View Full Version : Pricing question
08-21-2017, 01:19 AM
Hello, I don't know really where to post this question. If it is in the wrong area, please feel free to redirect me. I work mainly with pastels, so I thought I would try here. I have been asked to do my first commission piece on two dogs. That is not the hard part for me, I feel confident in my abilities especially with animals. What I need some help with is pricing, and do I give the owner the original? My gut tells me the original goes to the buyer. With pricing do I go with my normal price for an original painting? Or a little more? I would greatly appreciate your help.
08-21-2017, 01:21 PM
Congratulations! That is good news. Since this is your first time, yes, I would charge your usual price. That will give you a base line for your next commission. Also, think about how you will transfer the painting to them. If that is the case, come back for suggestions. I assuming the "original" is your painting. They get the painting, but I believe you retain the rights to the image and can make prints.
08-21-2017, 01:31 PM
Whatever you decide to do as far as pricing goes, who owns the copyright, who owns the original, deposits, approval stages, reproduction rights, etc., write it ALL down and get a signature on the contract so there won't be any doubt later as to how it is supposed to play out. If they are a relative or good friend, the contract is even more important in my opinion.
Most artists will charge more for a commissioned piece than something they painted to offer for sale to the public but it doesn't have to be that way.
A Google of Art Commission Contract (https://www.google.com/search?q=art+commission+contract&spell=1&sa=X&ved=0ahUKEwjwi7K33ejVAhXJCcAKHcqwADoQvwUIJSgA&biw=1440&bih=656) would be advisable.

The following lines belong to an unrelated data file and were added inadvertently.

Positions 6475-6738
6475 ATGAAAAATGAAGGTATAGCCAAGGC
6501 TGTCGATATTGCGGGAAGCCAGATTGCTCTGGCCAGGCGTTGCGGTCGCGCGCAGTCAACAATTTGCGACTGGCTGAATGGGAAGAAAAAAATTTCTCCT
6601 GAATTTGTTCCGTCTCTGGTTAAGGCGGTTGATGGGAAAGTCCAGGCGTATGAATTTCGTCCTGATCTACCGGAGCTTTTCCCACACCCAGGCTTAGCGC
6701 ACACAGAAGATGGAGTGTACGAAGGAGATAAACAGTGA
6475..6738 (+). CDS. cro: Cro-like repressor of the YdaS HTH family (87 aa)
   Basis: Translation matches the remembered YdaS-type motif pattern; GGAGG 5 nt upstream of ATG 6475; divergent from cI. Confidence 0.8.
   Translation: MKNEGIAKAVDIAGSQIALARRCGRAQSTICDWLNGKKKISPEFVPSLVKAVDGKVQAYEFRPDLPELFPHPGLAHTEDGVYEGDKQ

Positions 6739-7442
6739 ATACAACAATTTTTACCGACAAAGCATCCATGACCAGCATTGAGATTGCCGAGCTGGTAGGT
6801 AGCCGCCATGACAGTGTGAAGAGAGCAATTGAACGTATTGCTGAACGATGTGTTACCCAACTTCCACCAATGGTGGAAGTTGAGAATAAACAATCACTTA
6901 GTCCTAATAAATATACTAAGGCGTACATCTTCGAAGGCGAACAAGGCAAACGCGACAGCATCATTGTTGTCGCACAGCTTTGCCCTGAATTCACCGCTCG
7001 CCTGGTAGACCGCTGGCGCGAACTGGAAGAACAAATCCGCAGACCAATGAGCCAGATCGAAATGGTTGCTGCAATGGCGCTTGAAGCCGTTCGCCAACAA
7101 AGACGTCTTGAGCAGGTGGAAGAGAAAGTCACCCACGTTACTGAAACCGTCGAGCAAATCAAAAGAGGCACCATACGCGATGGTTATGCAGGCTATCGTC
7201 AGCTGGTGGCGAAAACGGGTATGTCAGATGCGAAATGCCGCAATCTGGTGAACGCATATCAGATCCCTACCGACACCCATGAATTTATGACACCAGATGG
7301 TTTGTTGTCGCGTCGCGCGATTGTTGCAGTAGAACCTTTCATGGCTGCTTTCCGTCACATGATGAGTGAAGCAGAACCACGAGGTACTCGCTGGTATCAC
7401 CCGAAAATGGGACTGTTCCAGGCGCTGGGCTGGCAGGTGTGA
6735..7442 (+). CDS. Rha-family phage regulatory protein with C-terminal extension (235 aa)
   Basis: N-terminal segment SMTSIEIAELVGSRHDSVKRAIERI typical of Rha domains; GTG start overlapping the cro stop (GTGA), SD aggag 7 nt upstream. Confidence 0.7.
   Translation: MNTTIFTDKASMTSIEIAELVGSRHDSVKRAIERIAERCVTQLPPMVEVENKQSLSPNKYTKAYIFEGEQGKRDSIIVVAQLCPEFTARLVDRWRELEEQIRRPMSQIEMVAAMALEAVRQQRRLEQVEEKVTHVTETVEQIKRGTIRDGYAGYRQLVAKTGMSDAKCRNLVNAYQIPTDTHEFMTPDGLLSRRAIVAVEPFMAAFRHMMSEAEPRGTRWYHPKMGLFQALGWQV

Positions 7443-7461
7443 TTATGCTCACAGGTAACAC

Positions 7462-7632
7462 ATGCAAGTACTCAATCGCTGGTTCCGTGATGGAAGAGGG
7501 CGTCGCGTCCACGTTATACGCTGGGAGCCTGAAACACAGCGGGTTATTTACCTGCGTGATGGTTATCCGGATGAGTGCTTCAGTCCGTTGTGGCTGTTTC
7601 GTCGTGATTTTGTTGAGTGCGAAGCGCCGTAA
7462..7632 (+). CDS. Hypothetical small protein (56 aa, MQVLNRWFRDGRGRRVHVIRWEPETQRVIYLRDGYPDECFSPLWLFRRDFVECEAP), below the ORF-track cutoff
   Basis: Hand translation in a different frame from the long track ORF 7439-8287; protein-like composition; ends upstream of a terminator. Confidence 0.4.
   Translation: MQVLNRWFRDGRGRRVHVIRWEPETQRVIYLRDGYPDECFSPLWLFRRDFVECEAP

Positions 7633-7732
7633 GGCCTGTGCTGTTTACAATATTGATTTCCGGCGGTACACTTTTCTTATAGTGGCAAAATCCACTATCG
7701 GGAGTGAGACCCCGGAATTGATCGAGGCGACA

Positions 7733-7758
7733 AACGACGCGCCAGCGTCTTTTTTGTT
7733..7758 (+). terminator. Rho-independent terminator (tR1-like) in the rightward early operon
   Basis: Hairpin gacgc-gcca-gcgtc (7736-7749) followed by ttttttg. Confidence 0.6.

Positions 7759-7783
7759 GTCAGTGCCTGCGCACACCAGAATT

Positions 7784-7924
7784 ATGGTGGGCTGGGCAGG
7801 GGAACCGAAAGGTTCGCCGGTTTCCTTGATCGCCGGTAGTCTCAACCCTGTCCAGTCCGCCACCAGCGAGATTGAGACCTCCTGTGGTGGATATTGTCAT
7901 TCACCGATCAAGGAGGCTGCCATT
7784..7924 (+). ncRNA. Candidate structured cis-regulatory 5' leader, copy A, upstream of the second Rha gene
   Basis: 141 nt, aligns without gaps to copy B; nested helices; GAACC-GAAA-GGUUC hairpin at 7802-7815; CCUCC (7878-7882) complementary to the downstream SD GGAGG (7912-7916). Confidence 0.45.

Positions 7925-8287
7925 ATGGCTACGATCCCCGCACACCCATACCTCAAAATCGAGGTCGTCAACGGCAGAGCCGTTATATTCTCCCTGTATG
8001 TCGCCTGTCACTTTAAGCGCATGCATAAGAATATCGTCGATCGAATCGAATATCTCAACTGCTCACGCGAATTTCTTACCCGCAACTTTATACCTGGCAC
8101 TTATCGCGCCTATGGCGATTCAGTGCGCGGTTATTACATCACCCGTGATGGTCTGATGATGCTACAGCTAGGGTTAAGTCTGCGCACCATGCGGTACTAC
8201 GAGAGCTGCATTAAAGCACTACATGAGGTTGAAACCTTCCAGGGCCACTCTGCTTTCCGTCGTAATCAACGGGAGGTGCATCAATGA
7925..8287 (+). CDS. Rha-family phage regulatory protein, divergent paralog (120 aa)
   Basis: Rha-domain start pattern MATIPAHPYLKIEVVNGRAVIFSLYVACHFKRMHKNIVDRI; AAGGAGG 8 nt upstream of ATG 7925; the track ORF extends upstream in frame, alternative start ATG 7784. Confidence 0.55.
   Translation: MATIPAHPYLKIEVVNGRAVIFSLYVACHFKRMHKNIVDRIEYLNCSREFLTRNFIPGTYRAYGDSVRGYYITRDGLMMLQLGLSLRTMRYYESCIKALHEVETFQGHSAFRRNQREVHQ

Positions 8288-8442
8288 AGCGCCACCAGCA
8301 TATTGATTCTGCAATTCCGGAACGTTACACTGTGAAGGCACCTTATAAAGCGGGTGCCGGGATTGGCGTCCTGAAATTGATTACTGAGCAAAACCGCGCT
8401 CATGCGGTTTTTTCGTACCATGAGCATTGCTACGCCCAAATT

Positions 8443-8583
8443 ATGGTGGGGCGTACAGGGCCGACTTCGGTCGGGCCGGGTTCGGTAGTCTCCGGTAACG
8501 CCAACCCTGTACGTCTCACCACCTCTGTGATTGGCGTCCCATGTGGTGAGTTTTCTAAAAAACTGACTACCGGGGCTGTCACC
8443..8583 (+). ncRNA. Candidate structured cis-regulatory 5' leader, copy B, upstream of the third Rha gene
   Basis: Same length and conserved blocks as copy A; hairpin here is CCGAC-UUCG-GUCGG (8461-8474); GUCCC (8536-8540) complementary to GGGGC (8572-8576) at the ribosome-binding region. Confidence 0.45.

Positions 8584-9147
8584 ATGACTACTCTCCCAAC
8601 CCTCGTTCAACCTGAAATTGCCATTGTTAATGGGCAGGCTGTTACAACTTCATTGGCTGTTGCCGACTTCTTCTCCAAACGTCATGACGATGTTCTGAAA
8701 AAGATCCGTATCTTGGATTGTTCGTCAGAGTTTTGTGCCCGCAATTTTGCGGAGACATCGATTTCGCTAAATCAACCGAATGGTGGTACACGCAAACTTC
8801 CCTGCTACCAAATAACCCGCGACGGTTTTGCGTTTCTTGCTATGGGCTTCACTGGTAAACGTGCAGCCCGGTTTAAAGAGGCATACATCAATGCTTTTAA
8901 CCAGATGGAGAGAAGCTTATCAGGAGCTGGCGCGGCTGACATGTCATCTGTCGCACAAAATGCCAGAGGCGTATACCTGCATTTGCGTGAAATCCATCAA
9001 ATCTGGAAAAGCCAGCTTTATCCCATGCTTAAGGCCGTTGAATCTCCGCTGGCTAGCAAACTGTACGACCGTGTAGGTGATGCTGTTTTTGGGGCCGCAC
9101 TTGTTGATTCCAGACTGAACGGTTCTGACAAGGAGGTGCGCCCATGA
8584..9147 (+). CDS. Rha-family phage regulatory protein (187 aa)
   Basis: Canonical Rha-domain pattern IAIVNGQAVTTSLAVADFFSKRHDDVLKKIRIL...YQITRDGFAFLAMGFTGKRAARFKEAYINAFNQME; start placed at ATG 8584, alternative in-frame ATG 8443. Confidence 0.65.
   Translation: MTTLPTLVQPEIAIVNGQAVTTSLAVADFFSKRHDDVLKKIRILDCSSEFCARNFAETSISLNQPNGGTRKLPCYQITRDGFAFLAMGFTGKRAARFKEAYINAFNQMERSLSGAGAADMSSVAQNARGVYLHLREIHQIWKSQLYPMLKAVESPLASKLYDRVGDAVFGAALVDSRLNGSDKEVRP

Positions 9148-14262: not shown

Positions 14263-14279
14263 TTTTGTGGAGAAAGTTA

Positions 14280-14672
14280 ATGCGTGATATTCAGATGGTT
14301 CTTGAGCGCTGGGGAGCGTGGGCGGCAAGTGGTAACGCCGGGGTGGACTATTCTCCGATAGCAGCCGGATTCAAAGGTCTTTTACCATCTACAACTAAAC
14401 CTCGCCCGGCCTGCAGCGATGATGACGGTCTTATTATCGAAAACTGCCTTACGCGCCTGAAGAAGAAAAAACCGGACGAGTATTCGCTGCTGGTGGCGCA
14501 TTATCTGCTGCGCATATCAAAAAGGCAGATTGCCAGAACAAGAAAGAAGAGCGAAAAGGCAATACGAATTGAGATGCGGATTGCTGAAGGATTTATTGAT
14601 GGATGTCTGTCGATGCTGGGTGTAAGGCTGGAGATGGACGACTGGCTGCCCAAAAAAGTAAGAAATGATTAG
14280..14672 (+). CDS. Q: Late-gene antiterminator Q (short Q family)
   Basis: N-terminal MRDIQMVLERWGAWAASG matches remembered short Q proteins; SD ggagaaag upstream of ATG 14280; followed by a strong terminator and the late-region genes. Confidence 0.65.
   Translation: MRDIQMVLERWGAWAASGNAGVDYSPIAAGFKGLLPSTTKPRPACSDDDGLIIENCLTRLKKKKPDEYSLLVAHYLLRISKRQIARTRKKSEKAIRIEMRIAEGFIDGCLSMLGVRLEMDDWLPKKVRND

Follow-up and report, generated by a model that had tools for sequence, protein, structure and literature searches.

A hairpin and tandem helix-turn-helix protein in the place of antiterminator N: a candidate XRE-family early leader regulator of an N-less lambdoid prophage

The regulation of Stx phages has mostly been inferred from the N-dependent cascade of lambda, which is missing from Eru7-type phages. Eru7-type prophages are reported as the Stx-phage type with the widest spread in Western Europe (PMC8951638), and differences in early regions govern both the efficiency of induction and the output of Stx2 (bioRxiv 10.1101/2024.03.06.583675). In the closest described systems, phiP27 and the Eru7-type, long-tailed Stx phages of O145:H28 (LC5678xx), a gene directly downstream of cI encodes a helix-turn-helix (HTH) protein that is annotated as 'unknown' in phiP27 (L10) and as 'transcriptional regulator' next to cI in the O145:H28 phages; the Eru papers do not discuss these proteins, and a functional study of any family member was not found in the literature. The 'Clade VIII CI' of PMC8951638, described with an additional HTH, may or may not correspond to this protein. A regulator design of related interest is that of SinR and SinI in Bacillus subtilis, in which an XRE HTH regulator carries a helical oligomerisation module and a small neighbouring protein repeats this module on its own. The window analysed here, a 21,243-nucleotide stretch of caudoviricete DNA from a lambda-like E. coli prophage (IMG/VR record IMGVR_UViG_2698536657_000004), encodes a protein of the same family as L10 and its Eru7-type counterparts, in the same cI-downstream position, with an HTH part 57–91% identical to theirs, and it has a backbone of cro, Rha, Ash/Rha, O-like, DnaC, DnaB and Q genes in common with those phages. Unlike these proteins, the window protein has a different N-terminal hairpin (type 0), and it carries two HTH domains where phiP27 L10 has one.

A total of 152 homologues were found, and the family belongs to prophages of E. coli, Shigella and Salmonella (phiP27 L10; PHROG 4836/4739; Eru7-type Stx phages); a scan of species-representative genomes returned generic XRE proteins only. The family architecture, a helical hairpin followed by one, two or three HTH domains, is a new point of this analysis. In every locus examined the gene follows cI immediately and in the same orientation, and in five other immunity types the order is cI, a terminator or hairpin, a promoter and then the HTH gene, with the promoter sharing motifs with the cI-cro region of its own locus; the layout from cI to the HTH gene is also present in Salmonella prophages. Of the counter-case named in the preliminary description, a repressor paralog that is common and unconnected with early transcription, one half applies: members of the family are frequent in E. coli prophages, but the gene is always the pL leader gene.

These two from that search look to be simple but cover the main aspects. You would of course modify them to fit your needs.
It is totally up to you two as to whether you give the buyer the original or a print. Logically the price would be significantly lower for a print. For most commissioned pieces the patron receives the original painting but the artist retains the copyright. I am doing a commission right now where the patron can't afford to pay for the original but really wants a painting of their chosen subject matter, so I am going to keep the original to sell myself and will provide them with a high quality print at a fraction of the cost of the original. This probably wouldn't work for you if their chosen subject matter is not something that would have a good chance of selling to someone else besides them - but you never know who might like a painting of someone else's kid, mom, house, horse, car or cat!
08-21-2017, 03:33 PM
Thank you water girl and contumacious for your advice. I greatly appreciate it and taking the time to answer my question. I didn't even think about a contract! Perfect.
08-21-2017, 05:05 PM
You are welcome. I hope the whole process goes smoothly and you both end up happy with how it works out.
08-21-2017, 07:09 PM
Are you asking how much money would you charge?
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